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Administrative Lessons

Expect to expend considerable effort in training and convincing practitioners to try telemedicine
We all spend considerably more time than we initially anticipated training practitioners and convincing them to try telemedicine. Among the techniques used to encourage practitioners to try telemedicine were holding open houses where practitioners could play with the equipment; encouraging practitioners to use the equipment during continuing education sessions, when there is less pressure to be an expert; and having physician advocates who are interested in telemedicine "sell" it to their colleagues. Despite these efforts you still may not be successful.

Utilization is as likely to be initiated by specialists as by rural Practitioners
Significant jumps in utilization can occurr when a specialty practitioner adopts the technology and uses it to provide consults to patients at remote sites. Our hematologist had it available but it was in an inconvenient location. With considerable effort we arranged for him to see one of our patients for counselling over our system and now he wants to spread it for patients regionally. The lesson is, don't wait for rural practitioners to schedule patients for telemedicine consults. Encourage specialists to schedule telemedicine consults for patients who otherwise would have to travel significant distances for brief follow-up visits.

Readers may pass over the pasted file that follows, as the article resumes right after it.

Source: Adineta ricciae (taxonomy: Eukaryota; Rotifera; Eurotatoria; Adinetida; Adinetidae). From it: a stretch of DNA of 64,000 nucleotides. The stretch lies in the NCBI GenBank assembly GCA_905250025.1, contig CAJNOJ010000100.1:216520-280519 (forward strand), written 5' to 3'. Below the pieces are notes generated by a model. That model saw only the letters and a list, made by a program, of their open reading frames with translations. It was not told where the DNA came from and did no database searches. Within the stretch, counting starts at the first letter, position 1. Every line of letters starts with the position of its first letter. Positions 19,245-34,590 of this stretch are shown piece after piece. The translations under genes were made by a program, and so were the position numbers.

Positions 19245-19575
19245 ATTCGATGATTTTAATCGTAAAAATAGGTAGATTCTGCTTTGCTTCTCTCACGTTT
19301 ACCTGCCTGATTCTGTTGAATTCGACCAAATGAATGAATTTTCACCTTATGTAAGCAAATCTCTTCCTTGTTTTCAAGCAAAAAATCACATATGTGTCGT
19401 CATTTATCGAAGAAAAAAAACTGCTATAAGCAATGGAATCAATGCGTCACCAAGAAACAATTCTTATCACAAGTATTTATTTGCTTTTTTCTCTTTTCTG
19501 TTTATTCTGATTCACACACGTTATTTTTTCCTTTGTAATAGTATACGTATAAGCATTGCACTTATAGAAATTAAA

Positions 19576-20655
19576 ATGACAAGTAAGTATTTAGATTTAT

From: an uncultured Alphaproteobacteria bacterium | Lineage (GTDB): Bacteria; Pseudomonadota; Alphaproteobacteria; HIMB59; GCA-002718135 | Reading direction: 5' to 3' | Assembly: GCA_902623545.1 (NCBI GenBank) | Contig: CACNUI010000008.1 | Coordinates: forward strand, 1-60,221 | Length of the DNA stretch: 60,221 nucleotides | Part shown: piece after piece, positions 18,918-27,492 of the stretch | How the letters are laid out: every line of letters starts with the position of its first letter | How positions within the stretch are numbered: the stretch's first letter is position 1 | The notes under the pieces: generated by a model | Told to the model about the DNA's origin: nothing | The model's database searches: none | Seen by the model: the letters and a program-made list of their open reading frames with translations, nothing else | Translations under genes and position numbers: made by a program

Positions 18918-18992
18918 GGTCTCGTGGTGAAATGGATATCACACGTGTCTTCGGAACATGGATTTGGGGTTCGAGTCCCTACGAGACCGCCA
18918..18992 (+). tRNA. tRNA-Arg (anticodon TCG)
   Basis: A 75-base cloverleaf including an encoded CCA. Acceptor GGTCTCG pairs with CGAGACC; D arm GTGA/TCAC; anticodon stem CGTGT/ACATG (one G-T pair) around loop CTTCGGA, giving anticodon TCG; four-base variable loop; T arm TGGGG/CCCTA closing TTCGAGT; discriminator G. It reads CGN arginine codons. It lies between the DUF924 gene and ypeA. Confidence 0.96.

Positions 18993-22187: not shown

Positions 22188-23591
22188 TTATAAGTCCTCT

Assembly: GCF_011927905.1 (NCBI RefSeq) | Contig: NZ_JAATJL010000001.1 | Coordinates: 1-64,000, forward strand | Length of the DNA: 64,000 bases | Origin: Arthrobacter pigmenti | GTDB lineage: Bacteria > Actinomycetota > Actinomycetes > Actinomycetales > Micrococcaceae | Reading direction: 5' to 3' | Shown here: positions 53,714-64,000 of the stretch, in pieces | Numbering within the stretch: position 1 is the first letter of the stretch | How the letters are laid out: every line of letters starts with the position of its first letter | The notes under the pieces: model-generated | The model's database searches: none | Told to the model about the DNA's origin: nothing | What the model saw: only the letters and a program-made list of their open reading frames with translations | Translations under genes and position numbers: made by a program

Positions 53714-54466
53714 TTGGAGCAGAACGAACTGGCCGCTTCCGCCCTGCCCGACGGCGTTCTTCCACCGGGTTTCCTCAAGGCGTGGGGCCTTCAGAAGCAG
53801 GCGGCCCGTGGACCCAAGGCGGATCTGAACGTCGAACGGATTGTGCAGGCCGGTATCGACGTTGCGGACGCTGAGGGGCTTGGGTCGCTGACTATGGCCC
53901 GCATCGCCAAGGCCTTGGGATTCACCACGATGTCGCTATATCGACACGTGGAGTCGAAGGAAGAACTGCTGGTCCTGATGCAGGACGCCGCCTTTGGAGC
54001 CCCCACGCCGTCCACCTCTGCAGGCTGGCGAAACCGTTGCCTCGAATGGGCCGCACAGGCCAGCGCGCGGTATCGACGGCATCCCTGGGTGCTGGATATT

Look for non-conventional clinical applications
Utilization can come from non-conventional consults like podiatry, speech therapy, or nutrition counseling. Telemedicine is not just for traditional specialty consults involving specialty physicians, such as cardiology or orthopedics.

Conduct a thorough needs assessment and regularly scheduled telemedicine clinics
We are working with Blue Cross to determine which specialty areas to target for telemedicine usage. One technique is to by find out which specialty areas had the most missed appointments by rural patients. In response we can set up regularly scheduled clinics in those specialty areas. Regularly scheduled clinics also make providing telemedicine consults more predictable for the specialists.

Confidentiality and privacy may be bigger concerns in theory than in Practice
By following fairly standard health care protocols to assure patient confidentiality and privacy, we have not had experienced significant problems or concerns about confidentiality or privacy.

Data transmission costs are high and need to be factored into long-term plans for sustaining a telemedicine network. However, implementation of the Telecommunications Act of 1996 should result in lower transmission costs for rural telemedicine networks.